Why Your Nightly Hot Shower Might Be Messing With Your Skin
In the winter, there’s almost nothing more blissful than zoning out in a steaming hot shower, as high as the temperature goes until you literally run out of hot water. When the weather gets colder, our showers get hotter, and longer, and though it’s a really tempting habit to get into, it’s also pretty darn bad for your skin. Keep reading for the truth about your hot shower, and why you’re going to want to dial back the heat over the next few months if you want to save your skin.
We hate to be the bearers of bad news, but excessively hot water strips the skin of its natural oils, explains dermatologist Dr. Elizabeth Tanzi, Co-director of the Washington Institute of Dermatologic Laser Surgery in Washington, D.C. “It’s very drying and increases wintertime itch,” says Tanzi.
Celebrity facialist Joanna Vargas says she sees firsthand that a big mistake people make with their skin in the winter is showering with water that is simply too hot. “Extreme temperatures of any kind on the skin can throw off its delicate balances, and showering in too-hot water can lead to dry patches and uncomfortably dehydrated skin.”
Because skin is already prone to dryness during winter, due to extreme temperatures and the dry, forced-air heat we blast it with from central heating units, a nightly hot shower on top of it is a recipe for irritated, cracked, uncomfortable skin on our faces and bodies.
In addition to limiting the amount of time you shower (keep it under five minutes) and using a moisturizing body wash instead of soap, Tanzi recommends lukewarm water—“nothing so hot “that you have to ‘get used to it,’ or that the skin turns red,” she advises. “Another critical step is to moisturize the skin within three minutes of getting out of the bath or shower, to lock the water into the skin,” she says.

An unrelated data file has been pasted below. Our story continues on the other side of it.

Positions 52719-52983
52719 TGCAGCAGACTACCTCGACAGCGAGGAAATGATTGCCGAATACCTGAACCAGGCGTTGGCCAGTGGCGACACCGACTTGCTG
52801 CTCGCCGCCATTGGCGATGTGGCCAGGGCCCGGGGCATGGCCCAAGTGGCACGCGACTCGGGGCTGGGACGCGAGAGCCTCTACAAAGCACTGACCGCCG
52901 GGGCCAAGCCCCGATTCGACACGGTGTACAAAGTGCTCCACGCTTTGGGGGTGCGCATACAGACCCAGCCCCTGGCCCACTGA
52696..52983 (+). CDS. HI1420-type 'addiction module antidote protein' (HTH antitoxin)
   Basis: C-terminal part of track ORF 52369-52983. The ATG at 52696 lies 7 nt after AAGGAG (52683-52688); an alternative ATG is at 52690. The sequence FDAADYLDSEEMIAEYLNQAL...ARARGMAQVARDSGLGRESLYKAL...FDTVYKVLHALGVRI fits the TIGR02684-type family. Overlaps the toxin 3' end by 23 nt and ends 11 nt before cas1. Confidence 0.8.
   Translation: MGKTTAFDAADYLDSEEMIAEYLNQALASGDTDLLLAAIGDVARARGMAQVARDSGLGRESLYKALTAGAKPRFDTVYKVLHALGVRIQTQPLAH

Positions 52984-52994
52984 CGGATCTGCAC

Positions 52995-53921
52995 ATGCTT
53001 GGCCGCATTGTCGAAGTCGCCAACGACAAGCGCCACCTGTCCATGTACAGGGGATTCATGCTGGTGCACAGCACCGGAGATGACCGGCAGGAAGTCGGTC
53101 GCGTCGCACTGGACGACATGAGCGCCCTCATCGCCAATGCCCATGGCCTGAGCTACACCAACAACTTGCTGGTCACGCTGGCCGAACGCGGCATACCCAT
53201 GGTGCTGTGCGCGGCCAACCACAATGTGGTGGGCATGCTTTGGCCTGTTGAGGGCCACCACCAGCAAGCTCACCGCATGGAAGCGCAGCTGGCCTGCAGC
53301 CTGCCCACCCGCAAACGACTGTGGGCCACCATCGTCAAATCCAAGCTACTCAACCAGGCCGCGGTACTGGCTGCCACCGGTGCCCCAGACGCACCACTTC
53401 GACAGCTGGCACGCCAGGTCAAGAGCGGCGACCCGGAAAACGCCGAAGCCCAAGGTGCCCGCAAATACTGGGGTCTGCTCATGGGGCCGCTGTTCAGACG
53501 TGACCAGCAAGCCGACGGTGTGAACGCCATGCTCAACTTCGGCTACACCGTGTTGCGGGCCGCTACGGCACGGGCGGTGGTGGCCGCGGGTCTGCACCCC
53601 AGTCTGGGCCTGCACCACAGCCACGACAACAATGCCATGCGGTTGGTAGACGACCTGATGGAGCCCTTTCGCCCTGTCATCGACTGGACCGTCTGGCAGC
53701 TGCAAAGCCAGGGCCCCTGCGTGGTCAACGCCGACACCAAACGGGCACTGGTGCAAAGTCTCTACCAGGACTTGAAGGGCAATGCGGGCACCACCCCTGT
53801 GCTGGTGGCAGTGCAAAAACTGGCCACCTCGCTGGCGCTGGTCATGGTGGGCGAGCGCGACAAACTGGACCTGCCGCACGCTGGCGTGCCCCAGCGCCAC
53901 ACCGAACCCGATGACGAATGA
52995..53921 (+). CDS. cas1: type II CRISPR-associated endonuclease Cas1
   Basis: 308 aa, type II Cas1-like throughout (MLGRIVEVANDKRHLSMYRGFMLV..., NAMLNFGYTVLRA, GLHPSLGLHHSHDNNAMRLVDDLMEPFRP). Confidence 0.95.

Vargas, who is one of the most sought-after skincare experts in Hollywood, has a winter skincare tip she learned when her son had eczema as a baby. “To this day, it is my family secret for healing dry, sensitive skin. Boil a large pot of water with one cup of chamomile tea leaves and one cup of rosemary. Cook these for fifteen minutes. Then strain and add this water to your bath. Not only will you feel relaxed from your day, this potion will soothe your skin like nothing else. Dry patches and redness will disappear overnight!” she says.
Lucky for us, Vargas also revealed a super easy DIY at-home mask recipe for dry winter skin. “The yogurt in this hydrating mask is an anti-inflammatory with a lactic acid component. Avocado is something I recommend for any skin type – avocado has lots of B vitamins and fatty acids, so it’s essential to keeping the skin hydrated, even in dry winter weather. The honey also hydrates, and will really transform the skin,” she says.
1/2 cup yogurt
Leave on the skin for 20 minutes, then rinse.
Are you guilty of taking hot, long showers during the winter? Will you be changing your routine after reading this? Sound off in the comments below!